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Three hurt when Honolulu police car collides with sedan in Nanakuli

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    The police car involved in a two-car collision in Nanakuli was towed to the Kapolei Police Station this morning.

Police are investigating a crash involving a blue-and-white Honolulu police car and a sedan on Farrington Highway about 1 a.m. today in Nanakuli.

Investigators said the Ford Crown Victoria police car was Waianae bound on Farrington Highway when the Cutlass entered the highway from Maaloa Street while attempting to make a left turn.

The two vehicles collided, spun around and ended up on the side of the road at the Mahalo Express convenience store, police said.

Investigators said it is not yet known if speed, on the part of the police car, was a factor in the crash. The other driver was not speeding, police said.

An ambulance took a 29-year-old man driving the Cutlass, a 30-year-old man in the passenger seat and a 38-year-old police officer to the Queen’s Medical Center.

The 29-year-old man was admitted in serious condition and his passenger was in fair condition, police said. Both men are from Nanakuli.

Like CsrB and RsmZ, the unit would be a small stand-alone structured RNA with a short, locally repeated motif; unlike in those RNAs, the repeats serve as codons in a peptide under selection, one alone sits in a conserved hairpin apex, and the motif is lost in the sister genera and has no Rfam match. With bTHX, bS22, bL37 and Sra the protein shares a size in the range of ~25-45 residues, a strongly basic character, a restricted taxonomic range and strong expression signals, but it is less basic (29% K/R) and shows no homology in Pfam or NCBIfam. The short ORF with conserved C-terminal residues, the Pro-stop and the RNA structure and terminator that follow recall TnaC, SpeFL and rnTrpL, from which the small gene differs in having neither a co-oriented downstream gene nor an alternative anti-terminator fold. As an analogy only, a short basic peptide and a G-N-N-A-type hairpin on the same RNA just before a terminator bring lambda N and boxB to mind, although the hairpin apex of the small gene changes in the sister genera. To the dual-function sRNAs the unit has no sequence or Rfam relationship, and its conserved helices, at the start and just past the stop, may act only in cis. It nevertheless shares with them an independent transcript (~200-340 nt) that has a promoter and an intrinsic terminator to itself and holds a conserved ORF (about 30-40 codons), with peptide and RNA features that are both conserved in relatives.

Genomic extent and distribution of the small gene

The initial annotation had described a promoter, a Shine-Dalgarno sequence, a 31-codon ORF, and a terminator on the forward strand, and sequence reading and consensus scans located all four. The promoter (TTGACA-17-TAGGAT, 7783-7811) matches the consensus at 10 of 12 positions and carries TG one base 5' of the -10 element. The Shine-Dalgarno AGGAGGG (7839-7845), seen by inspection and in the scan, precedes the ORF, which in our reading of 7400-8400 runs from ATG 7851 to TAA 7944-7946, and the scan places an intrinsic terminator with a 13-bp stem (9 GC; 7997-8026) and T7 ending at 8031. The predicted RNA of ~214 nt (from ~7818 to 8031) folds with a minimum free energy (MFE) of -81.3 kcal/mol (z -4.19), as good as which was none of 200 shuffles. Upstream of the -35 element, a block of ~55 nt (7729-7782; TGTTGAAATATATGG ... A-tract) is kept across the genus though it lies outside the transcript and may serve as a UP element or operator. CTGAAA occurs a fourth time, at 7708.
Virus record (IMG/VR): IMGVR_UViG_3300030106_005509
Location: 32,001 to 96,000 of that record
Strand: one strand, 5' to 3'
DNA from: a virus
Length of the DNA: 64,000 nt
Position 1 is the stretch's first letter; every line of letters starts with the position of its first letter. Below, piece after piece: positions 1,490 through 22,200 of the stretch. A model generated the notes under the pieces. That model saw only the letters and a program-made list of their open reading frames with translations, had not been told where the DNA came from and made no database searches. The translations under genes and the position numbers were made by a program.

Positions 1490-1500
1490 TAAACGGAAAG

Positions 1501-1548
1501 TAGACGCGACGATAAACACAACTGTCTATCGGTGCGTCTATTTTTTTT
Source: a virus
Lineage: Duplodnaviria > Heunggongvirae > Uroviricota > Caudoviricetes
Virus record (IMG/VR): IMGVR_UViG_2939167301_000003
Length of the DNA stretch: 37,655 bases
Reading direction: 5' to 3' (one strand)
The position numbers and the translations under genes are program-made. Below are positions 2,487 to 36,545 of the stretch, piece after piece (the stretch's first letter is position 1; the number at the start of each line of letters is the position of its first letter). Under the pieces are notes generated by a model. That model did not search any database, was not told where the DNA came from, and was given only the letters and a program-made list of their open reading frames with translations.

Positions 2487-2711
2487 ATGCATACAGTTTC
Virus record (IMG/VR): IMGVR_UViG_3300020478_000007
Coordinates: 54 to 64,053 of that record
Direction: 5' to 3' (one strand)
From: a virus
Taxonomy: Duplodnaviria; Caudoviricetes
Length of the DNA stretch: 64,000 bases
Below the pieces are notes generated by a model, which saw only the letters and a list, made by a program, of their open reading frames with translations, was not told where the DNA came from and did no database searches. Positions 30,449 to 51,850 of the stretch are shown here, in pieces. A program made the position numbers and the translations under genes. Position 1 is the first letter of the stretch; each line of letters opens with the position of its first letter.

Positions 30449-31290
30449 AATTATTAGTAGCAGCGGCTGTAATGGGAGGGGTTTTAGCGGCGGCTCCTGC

The police officer, a 38-year-old man assigned to the Kapolei/Waianae area, was initially taken to Queen’s in serious condition. But his condition improved and he was treated and released.

Traffic investigators said alcohol and drugs were not factors in the crash. The police officer was wearing his seat belt, but it was not known if the other men were wearing seat belts, investigators said.

The intersection has a stop sign at Maaloa Street for vehicles entering the highway. 

Maj. Mike Moses, district commander of the Kapolei/Waianae district, said the officer is a four-year veteran officer and will likely be on injured leave for a while because of the collision, he said.

Moses said traffic investigators will complete an investigation, which will determine if the officer was at fault or contributed to the accident. If the officer were at fault, he could be required to receive counseling and take driver training courses, Moses said. Criminal charges, such as negligent injury, could also apply.

Officers that cause more than one accident in a year, may receive a written reprimand or a suspension.

Moses did not know if the officer was using his siren and blue lights, and traffic investigators were not available to comment on the crash.

Police did not release the officer’s driving history, citing laws that seal accident reports from the public.

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